Across the Yankiverse, yesterday's exhibition no-hitter has fostered mass jubilation and, in some cases, premature ejaculation. Cryptically, Old Man Girardi yesterday told the Gray Lady - quoting now - "Obviously, it means more if it's during the regular season." Hm-mm. What is he getting at? Does Girardi know something? Why is he tossing ice water on one of the great exhibition victories of the Hicks-Refsnyder era?
This got me to thinking. Somewhere, I recalled a similar Yankee spring training no-hitter from a few years ago. It's that or a mushroom flashback. I went into the team's news archives - got sidetracked and never found it. But while perusing the stacks, I realized that the real excitement of the '17 Yankee Spring Team of Exhibition Destiny (TM) is not what has happened... but what has NOT happened:
Note: Last time we mentioned injuries at IT IS HIGH, Tyler Austin went down the very next day with a broken hindpaw. Therefore, before continuing, I wish to hereby address the vengeful, overpaid juju gods of the Yankee astral deep state: Listenup, assholes, just because somebody mentions the absence of injuries does NOT mean you have to immediately crush someone's gonad, just to show you're on the job. Show a little professionalism, juju gods, or Trump will cut your funding, and don't expect help from us. We'll have moved on to become an Irritable Bowel Syndrome Lady blog, and you can spend your next 10 years tweaking runs of diarrhea.
That said, I wish to thank our fine, beloved middle management faeries of fate for what DIDN'T happen two weeks ago: The near outfield collision between clownish Clint Frazier and newly minted CF gazelle Dustin Fowler, which surely took place in a universe not far from here. We came so close - I mean, a millisecond - to a full-scale mashup calamity - two young outfielders crashing into each other, broken bones, lost for the season, maybe forever - and yet NOTHING HAPPENED. Whew.
But while searching for that spring no-hitter - anybody else remember it? - I found that last year on March 19, 2016, a CT scan on Jacoby Ellsbury's banged-up wrist came back negative. At the time, this news comforted us, suggesting Big Jake would recover for opening day. I know it's dangerous around here to say anything positive about Ellsbury, but considering his 2016, it's worth wondering if he ever really recovered. You cannot underestimate the impact of dings on someone who has always been considered - and harshly criticized for it in Boston - a china doll. Ellsbury had one sterling moment in 2016 - he stole home on a play that mystified Brett Gardner. But last year, right about now, when hope similarly reigned supreme, the bruises started to mount.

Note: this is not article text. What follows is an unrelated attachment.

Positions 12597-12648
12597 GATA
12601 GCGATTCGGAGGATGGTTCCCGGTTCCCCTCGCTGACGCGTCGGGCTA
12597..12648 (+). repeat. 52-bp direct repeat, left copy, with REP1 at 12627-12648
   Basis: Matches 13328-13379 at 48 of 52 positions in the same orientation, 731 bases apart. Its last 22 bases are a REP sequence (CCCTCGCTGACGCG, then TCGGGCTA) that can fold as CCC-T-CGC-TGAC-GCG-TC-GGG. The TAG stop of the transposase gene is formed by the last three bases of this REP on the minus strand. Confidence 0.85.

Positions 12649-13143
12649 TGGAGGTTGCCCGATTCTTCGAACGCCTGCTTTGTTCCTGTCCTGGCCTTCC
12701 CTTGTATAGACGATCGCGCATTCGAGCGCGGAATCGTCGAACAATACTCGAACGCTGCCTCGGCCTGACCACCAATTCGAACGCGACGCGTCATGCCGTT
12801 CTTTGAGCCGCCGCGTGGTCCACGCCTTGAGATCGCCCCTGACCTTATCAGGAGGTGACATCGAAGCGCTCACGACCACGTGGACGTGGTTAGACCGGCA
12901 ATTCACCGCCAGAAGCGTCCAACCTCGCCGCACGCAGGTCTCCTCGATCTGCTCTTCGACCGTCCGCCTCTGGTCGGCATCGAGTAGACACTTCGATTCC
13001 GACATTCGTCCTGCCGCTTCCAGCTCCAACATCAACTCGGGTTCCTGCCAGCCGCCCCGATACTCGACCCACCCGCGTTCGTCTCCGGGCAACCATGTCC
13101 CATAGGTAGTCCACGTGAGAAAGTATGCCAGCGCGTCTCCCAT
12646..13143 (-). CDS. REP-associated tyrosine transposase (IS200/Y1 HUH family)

While we're in the 2016 Wayback, let's note that Brett Gardner didn't swing a bat until around now, mid-March. Gardy was recovering from a bone bruise suffered in the Wild Card game of 2015. Like Ellsbury, he turned out to be a shadow of himself last season. Did the tweaks and twizzles of spring 2016 foreshadow the wretched year that was to come? And if so, it's right about now that this year's team is most vulnerable.
Of course, we can't mention last year's hurt locker without noting Bryan Mitchell's stubbed left big toe on March 30, 2016, hours being told he'd made the opening day roster. What a rotten omen! Seriously, why didn't we just spare ourselves the crapola and transition into a Taylor Swift fan blog right then? We would have saved ourselves so much pain, and we'd still be giddy over Tay-Tay's dissing of Katy Perry. Such a wasted opportunity.
Other signs from last year: A-Rod homered in his first game on March 3... and never again all spring. He went 12 for 49 (.245) in the Grapefruit League and then carried his newfound mediocrity right into the regular season. A-Rod sucked so badly that he was benched by mid-April, right around the time the Yankees signed Nick Swisher to DH in Scranton. Looking back, what incredible warning signs. And yet...
And yet, we still drank the Kool-Aid. Right around now last year, the MLB.com website, in a piece extolling the Yankee season ahead, troweled out this amazing dollop of slush: "Not only have the core guys -- CC Sabathia is the exception -- pitched well, but suddenly, there's depth. Tanaka, Eovaldi, Pineda and Luis Severino have a combined 2.25 ERA this spring." The writer went on to blather about how solid Aaron Hicks looked. I'm not linking to the story. It just hurts too much.
Sorry to be such a downer. It's those words from Old Man Girardi: It means more if it's in the regular season. What could he possibly mean?